In reviewing Sapolsky's book for the New York Times Book Review, Richard Wrangham generally praised the book. But he also criticized Sapolsky for becoming a "partisan critic" in his account of the Hobbes-versus-Rousseau debate over the evolution of human violence. Sapolsky's Rousseauian partisanship is subtle in that it depends mostly on his remaining silent about evidence and argumentation that contradict the Rousseauian claims. For example, he endorses Marshall Sahlins' claim that nomadic hunter-gatherers were "the original affluent society" (317-18). But he is silent about the anthropologists who have shown that Sahlins' argument is not supported by the evidence, which I have indicated in a previous post.
Similarly, Sapolsky relies on the research of Douglas Fry to support the conclusion that nomadic hunter-gatherers have always been peaceful (322). But Sapolsky is silent about the many criticisms of Fry's reasoning, which I have surveyed in a previous post. For example, Fry has failed to recognize that many of the modern hunter-gatherer bands that he has identified as peaceful have been surrounded by militarily superior farmers, and so it's hardly surprising that the hunter-gatherers have not gone to war in such circumstances.
Sapolsky says that there is no archaeological evidence for warfare among Paleolithic hunter-gatherers. There is, however, one recently discovered site in northern Kenya dated at around 10,000 years ago that had the skeletons of 27 people killed in a massacre. Sapolsky says that this is not evidence for ancient warfare among nomadic hunter-gatherers, because the victims here seem to have been sedentary hunter-gatherers, who were living along the shoreline of Lake Turkana, where there was probably abundant fish and game animals; and so the attackers wanted to steal this "prime beachfront property" (321).
Sapolsky does not tell the reader that the discoverers of this site could not agree on this. As I indicated in a previous post, one member of the team accepted the interpretation repeated by Sapolsky--that this is evidence for ancient warfare arising among sedentary hunter-gatherers, who were no longer living a nomadic life. But another member of the team had a different interpretation. She said that while there is lots of evidence of warfare "among settled, sedentary communities," the discovery in Nataruk is the first "archaeological record of armed conflict between early nomadic hunter-gather groups." She suggested that the foragers who were massacred had not established a settlement on the lake, but rather they were a "small traveling band of hunter-gatherers who stopped by a lagoon to hunt or fish." And so, she seemed to adopt the Hobbesian interpretation of this archaeological discovery as confirming that warfare was prevalent among our earliest foraging ancestors, and thus deeply rooted in our evolved human nature.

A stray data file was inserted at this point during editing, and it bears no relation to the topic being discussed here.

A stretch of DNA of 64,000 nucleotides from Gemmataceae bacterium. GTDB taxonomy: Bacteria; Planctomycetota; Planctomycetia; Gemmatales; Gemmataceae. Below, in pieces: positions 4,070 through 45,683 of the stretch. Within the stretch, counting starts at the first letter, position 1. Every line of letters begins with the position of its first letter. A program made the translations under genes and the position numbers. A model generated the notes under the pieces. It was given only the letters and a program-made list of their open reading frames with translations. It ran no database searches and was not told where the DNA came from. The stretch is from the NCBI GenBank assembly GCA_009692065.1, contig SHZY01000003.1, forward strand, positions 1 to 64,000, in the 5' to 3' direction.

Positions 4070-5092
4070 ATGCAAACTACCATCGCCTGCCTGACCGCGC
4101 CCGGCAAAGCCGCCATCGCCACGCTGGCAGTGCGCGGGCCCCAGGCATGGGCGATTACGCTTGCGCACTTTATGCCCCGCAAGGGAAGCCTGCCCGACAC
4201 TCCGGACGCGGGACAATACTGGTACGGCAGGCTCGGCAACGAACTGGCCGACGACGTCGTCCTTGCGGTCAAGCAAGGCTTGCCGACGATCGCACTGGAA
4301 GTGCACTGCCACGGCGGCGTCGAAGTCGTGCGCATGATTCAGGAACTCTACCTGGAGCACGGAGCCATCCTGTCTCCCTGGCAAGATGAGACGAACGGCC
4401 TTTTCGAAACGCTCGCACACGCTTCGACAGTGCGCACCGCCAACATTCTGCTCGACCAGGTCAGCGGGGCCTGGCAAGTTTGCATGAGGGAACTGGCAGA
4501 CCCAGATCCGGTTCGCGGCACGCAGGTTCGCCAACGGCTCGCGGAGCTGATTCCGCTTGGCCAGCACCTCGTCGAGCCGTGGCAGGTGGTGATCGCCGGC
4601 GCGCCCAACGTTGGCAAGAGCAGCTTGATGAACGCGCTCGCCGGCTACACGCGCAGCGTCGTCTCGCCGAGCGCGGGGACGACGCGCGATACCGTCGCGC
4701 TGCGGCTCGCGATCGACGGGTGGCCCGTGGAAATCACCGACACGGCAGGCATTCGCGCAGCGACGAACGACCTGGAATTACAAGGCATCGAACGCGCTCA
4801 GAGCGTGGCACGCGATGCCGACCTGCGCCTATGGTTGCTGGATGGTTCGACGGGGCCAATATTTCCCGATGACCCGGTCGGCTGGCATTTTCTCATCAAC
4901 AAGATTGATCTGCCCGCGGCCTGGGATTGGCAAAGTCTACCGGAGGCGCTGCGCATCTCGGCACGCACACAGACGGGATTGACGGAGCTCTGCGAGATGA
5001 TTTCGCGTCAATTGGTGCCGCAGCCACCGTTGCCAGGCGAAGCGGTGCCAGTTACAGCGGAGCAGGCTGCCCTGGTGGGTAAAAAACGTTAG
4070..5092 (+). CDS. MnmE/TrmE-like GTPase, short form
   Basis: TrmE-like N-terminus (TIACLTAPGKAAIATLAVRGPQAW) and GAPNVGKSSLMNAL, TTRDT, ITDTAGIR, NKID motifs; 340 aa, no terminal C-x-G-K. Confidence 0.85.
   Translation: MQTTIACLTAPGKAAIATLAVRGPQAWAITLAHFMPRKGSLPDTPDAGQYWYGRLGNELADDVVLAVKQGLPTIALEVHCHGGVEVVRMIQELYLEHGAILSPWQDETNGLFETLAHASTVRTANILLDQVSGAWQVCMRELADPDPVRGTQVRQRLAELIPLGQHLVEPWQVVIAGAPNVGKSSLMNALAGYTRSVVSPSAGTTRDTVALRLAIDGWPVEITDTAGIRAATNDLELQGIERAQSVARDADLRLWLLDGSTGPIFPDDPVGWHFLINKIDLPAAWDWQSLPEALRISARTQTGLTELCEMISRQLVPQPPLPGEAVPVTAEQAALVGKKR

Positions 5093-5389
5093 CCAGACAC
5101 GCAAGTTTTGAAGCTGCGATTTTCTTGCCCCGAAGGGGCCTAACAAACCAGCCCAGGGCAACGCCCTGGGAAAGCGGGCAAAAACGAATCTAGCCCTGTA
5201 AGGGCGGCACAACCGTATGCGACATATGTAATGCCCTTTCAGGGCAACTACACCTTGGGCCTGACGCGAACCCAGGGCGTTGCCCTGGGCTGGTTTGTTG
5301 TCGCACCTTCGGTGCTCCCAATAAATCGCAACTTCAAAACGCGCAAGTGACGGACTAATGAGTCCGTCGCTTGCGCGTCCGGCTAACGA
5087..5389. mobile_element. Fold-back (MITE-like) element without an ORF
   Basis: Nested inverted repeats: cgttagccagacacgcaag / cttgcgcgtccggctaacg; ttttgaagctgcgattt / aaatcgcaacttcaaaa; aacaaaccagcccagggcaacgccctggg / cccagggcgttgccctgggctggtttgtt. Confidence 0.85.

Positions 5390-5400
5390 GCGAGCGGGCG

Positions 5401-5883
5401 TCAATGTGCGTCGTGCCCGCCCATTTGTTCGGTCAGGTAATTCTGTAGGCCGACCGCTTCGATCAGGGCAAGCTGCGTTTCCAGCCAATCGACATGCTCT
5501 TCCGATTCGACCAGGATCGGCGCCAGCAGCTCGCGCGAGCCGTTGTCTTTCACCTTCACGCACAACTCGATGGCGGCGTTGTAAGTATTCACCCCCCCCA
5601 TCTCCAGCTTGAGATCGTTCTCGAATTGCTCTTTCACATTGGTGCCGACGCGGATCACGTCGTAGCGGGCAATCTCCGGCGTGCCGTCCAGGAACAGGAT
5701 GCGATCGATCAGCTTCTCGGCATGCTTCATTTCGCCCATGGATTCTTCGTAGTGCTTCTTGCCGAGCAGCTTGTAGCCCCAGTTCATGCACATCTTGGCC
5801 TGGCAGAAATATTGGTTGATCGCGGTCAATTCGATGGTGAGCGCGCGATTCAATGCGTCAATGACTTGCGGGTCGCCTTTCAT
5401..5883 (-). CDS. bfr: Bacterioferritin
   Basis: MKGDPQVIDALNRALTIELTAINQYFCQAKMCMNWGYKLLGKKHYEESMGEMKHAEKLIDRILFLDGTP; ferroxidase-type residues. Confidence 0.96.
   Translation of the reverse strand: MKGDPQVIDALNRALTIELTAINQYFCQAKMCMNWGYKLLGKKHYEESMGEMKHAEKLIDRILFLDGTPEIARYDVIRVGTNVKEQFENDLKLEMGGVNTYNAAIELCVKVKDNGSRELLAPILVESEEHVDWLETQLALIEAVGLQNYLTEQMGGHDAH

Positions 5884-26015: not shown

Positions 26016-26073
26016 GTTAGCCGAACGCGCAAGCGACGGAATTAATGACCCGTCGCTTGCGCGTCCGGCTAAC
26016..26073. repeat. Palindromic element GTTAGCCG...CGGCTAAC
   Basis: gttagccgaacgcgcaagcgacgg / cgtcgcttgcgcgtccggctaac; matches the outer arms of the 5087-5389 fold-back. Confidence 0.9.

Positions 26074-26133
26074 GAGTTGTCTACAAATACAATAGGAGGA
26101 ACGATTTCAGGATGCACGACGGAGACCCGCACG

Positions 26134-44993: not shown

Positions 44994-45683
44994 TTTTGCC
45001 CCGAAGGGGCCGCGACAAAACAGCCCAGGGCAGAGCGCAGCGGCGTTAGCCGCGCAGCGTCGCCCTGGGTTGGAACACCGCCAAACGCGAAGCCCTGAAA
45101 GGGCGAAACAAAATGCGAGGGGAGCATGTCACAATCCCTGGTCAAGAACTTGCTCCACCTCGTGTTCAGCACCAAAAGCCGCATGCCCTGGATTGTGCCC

But no matter which interpretation one accepts, this confirms Locke's claim that our ancient hunter-gatherer ancestors lived in a state of peace that easily became a state of war whenever there was any resource worth fighting over--like a good fishing spot.
Sapolsky seems to agree with this when he says that even purely nomadic hunter-gatherers "are no tie-dyed pacifists," because they often engage in lethal violence (323). If so, then Sapolsky's account of the state of nature is neither Hobbesian nor Rousseauian but Lockean.
But what about Sapolsky's baboons, who showed, he argued, that even if their evolved nature is Hobbesian, they can develop a social culture that taps into their "inner Rousseau"? I have written a post on Sapolsky's earlier reports of this in 2004 and 2013. In his new book, he emphasizes the great "flexibility" and "social plasticity" that this shows in baboon life, which sounds like what Rousseau identified as the "perfectibility" of human ancestors, so that nature put no limits on how far human beings could be transformed by cultural history.
In the earlier reports, however, Sapolsky suggested that baboon "perfectibility" is not unlimited. The changes brought by cultural history are "within the limits of baboon sociality," and the new culture of Forest Troop did not bring "an unrecognizably different utopia." There was still a dominance hierarchy. There was still displacement aggression, although it had been reduced. And while the rate of reconciliations had increased, the need for reconciliations showed the persistence of conflict. Sapolsky even indicated that the overall rate of aggressive conflict in Forest Troop was similar to other troops. So despite the cultural malleability shown here, "there are not infinite amounts of social plasticity in a primate social system."
I have argued that we see three levels of social order in these baboons--baboon nature, baboon culture, and baboon individuals. The repertoire of social behavior characteristic of a baboon species sets the natural limits of baboon sociality. This baboon nature constrains but does not determine baboon culture. And, finally, nature and culture constrain but do not determine individual behavior.
I will be writing more posts on Sapolsky's book.